After Church, I Meet the Sun Everything's peeling in the alley where I meet her some Sundays, and this week's sermon is a scab she flicks away under old car advertisements, posters for weight loss pills, new altars we worship. I kneel before her in the dirt outside the passenger door with sand in my scraped knees, staring God down, not looking where I'm going. I am going to trip on Heaven and crash straight into Hell. But it's the falling I want to make last, the reaching out with both hands for all of her in the back alley where we have been fasting, where we hunger. I'm catching her like the sun on telephone wires, I'm a sunfish hooked on the cuffs of her jeans, her face a sunflower blooming over me, my words a sunlit earthly kind of prayer.
Second Month in a New State It's a new feeling, this restless busy loneliness. Ecstatic-enlightened-childish-crude, I count sidewalk cracks to class, head bent, sore neck, sore skull, an expensive pain, an expensive wave to the professor, little nod. I would eat spiders to feel something wake up in me again. I contemplate washing my clothes in the bathroom sink. I contemplate the words of Homer and Herodotus. I become a duality, rising and sinking, the mind and the body, the soul. Mine does not know what it wants. It says, I only want to find a cool dark place to sleep. I only want to let myself be drawn outside of me. I want, in this most beautiful of worlds, to feel alive but not to live— a question with both wrong answers.
Recontextualizing The water is somewhere, shimmering. Your right hand is here, opening, my index finger skimming over a crease. Words curl across your skin. I tell you their shape has meaning: that when you love it is with all the heart that flutters in your palm. I am already learning how heavy it is to love you– still, I let each reassuring phrase be said. We are not sheltered by the house called truth. A lie is nothing more than a boarded window in an empty room. In the river by the school, that day we climbed down to the bank, my searching hands slid across yours, but when I looked I was holding only a dead fish, rotting on its slick pollution-foam throne. Thinking of its skin, I say again: if you ever love, it will be with all the warmth you can fit in the stiff curve of one dead palm. You look at me like in my fist I hold some pitiful broken thing. It is only your hand, tightening over mine, fingers pale as fish bone.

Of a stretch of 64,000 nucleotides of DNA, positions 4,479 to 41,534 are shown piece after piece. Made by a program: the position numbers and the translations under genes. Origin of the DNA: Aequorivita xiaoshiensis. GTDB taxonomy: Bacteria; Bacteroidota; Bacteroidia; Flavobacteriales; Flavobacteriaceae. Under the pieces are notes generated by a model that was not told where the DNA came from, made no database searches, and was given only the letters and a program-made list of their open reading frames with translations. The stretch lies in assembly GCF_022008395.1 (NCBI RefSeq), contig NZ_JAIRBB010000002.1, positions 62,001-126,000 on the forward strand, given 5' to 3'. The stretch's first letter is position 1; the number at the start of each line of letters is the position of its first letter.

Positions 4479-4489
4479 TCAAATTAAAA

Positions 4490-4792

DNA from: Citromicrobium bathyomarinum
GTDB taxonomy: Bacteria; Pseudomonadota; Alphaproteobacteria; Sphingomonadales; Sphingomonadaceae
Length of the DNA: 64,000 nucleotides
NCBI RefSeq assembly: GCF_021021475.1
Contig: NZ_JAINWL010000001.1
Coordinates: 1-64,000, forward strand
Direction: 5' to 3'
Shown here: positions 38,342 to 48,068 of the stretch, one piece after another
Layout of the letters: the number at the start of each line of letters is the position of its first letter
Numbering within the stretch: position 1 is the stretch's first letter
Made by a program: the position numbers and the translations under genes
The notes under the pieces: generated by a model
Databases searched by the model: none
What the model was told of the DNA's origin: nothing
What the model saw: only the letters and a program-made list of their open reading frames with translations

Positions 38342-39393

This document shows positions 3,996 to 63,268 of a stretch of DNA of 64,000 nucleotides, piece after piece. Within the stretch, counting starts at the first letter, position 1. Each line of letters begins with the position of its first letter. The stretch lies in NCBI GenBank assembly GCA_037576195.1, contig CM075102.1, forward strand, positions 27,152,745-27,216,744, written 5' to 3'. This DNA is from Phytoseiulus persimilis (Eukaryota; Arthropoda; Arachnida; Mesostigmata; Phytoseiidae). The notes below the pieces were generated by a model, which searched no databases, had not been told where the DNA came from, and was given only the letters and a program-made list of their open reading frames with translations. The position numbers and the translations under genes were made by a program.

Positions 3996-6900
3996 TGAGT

Before First Flight As they kneel laying feathers in the tar Icarus tells his father yes I am afraid of heights but still I stand on the blade of the cliff watching waves crash and rebound watching Apollo, his winged chariot my hope is a plea a kind of prayer asking when you made this mortal terror, this ache of being human and struck it ablaze on the matchbox of my restless hands, did you intend for me to live along the silver-sharp slice of a knife, and does this burning leave me charred or am I glowing with it, and when we fly among the gods of men as open as we’ll ever be will we look down nostalgic for the falling? And steady-handed Daedalus replies there is nothing worth fearing in the tide’s turning and nothing in the sky and nothing in the ship’s forgotten flag and nothing in the sun, and he says Icarus my son you are the ant in the spiral shell, blind and empty, always both pulled and pulling, seeking, seeking.
The Heart (Trigger warning for self injury.) The heart is a scaled and shameful thing. The heart catches on the same brambles it grew around itself to keep itself from touching the world. The heart says warm your hands by the oven or plunge your hands into the bubbling water on the stove. To feel nothing at all is all I have wanted for many an unmatched summer day. To want nothing, this I want more than anything, want meticulously, with a wanting that catches nothing more in its design than the weight of its own treacherous desire.
Originally from Chicago, IL, Lee Johns is now studying English at a university on the East Coast. Their poetry has previously been published in Body Without Organs. Right now, you can probably find them at the library.
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